Anna’s Hummingbirds prefer the dot-dash-dot of the telegraph but will settle for the screwbean mesquite’s subtle caesuras.  My grandmother used one as a suncatcher, the hummingbird that is, but she’s gone now, and the hummingbirds are on their own, the plastic feeder gathering dust in a garden shed’s cardboard box.  But still. A person and a poem and a hummingbird are one, as you’ll discover as your long thin tongue reaches deep into the nectar that comprise the lines of our eleventh issue.  Dig in.


E. Kristin Anderson: “Tonight I Broadcast My Terrible Mouth in the Worst Possible Lighting,” “Somehow I’ll Always Know Where You Buried the Ending,” and “Always We Build in the Direction of the Kill”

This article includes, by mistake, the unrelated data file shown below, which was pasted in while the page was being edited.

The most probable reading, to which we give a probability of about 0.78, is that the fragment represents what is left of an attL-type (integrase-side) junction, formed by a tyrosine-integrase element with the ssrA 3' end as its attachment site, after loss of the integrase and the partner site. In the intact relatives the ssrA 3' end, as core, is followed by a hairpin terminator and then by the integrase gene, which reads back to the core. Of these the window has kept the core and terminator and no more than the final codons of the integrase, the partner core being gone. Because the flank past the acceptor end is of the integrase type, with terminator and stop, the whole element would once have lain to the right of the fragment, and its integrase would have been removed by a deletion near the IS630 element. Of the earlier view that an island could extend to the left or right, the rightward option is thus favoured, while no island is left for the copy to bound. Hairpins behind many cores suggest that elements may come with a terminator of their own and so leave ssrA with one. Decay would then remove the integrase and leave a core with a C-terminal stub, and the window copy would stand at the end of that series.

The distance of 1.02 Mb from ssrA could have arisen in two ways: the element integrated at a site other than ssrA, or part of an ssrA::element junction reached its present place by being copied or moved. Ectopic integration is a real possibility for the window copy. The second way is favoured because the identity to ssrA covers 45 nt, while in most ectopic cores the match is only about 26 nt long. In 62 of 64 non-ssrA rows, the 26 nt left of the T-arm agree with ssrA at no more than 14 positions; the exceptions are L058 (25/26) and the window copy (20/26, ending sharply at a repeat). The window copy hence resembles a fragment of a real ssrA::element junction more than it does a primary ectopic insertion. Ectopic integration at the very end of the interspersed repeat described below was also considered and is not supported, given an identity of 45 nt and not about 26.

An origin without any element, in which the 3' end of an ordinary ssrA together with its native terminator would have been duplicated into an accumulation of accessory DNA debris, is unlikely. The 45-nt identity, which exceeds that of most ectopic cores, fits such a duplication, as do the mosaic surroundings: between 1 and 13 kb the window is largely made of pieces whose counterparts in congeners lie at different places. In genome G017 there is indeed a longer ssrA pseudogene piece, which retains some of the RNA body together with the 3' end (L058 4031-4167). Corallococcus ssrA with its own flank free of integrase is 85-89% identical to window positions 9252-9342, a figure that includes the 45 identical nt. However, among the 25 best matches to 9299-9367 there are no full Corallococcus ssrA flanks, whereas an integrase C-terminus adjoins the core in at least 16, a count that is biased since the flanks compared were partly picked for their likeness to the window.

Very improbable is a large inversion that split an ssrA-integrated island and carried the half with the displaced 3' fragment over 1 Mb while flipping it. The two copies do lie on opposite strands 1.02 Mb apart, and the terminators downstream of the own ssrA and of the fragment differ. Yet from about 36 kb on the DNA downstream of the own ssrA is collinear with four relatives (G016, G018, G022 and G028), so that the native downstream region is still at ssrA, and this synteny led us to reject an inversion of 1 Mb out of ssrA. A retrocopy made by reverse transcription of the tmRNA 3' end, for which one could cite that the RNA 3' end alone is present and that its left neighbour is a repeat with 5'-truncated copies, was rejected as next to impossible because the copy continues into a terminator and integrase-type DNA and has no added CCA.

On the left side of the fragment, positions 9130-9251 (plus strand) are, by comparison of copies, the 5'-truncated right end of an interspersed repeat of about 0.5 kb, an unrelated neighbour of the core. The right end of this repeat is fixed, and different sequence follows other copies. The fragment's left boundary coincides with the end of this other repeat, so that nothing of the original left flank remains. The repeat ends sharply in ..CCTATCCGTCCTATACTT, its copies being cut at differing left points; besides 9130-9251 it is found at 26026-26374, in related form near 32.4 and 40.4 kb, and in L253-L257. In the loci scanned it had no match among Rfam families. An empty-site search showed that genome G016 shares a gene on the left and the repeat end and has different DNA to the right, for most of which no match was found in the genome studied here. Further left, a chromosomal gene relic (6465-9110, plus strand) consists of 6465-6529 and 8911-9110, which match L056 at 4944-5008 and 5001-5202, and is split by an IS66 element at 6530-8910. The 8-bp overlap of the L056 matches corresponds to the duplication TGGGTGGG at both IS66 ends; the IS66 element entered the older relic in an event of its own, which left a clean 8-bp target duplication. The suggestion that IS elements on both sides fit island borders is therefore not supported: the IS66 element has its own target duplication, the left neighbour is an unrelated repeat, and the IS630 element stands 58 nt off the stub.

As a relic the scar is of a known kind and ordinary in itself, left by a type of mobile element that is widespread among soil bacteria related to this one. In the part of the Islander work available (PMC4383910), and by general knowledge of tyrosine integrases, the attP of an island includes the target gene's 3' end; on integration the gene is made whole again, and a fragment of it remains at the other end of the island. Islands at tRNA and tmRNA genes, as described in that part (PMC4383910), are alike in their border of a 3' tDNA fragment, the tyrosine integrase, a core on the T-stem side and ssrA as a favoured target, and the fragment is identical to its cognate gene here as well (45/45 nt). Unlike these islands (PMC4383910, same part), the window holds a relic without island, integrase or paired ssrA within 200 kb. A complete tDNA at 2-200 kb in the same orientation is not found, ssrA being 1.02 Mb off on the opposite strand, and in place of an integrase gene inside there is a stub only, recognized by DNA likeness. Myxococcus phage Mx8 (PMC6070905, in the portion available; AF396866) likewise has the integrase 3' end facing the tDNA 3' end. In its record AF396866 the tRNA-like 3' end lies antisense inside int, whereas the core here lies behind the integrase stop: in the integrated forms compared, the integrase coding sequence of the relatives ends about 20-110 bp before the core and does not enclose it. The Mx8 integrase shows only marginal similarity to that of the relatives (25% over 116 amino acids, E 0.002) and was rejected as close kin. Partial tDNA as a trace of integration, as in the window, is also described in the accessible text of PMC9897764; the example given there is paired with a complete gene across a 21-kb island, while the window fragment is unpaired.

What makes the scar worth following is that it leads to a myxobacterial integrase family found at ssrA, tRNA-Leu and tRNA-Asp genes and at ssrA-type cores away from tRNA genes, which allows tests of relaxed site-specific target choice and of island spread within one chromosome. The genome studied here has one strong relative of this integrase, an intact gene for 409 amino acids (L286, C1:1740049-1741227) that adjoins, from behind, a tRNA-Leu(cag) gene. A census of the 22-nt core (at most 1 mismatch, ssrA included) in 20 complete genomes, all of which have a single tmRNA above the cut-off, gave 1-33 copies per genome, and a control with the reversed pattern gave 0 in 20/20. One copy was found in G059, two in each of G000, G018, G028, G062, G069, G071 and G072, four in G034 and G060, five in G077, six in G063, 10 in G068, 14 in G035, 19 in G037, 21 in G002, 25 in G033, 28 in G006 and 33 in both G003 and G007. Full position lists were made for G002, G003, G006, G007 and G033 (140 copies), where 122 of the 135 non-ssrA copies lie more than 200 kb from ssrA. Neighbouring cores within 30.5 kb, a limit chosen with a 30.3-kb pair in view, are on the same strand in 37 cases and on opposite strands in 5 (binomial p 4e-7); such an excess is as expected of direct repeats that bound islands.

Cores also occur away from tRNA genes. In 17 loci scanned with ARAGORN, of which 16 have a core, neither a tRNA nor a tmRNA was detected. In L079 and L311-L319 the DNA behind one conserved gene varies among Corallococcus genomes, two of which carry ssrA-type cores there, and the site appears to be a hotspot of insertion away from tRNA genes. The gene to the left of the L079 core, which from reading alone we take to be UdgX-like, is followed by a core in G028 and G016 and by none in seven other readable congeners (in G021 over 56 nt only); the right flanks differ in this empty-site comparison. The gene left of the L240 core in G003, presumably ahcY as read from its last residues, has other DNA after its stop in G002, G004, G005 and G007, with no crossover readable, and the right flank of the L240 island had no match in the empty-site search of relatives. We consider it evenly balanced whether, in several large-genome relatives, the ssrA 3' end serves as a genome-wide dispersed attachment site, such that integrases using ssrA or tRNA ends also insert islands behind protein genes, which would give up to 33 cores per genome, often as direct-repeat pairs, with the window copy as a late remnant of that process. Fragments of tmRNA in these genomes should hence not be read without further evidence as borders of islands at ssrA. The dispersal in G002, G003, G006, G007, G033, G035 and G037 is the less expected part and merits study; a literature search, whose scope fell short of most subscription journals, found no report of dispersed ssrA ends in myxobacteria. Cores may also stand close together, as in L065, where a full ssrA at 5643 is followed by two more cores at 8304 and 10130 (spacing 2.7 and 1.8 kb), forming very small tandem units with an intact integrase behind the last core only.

Paige Bruckner: “Why I No Longer Read Postcards”

Jacob Butlett: “Phoenix”

Dan Cardoza: “If You Pause,” “My Raised Amnesia Garden,” and “Weather Report, Chance of Rain”

Juliet Cook and j/j hastain: “Water Retention” and “Shark Attack”

Janelle Cordero: “disappointed,” “shallow,” and “collective conscious”

Howie Good: “How to Prepare for Heartbreak” and “Man Vs. Bullet”

Ron Riekki: “To the A-hole in Oakland who Pulled out a Crowbar,” “Watching a Music Video Where the Rich People Act like They’re Poor,” and “In the Military, I had a P.O. who Told Us to Paint the Bottom of the Stairs”

Alan Toltzis: “Limits” and “Verdugo Mountain Devotional”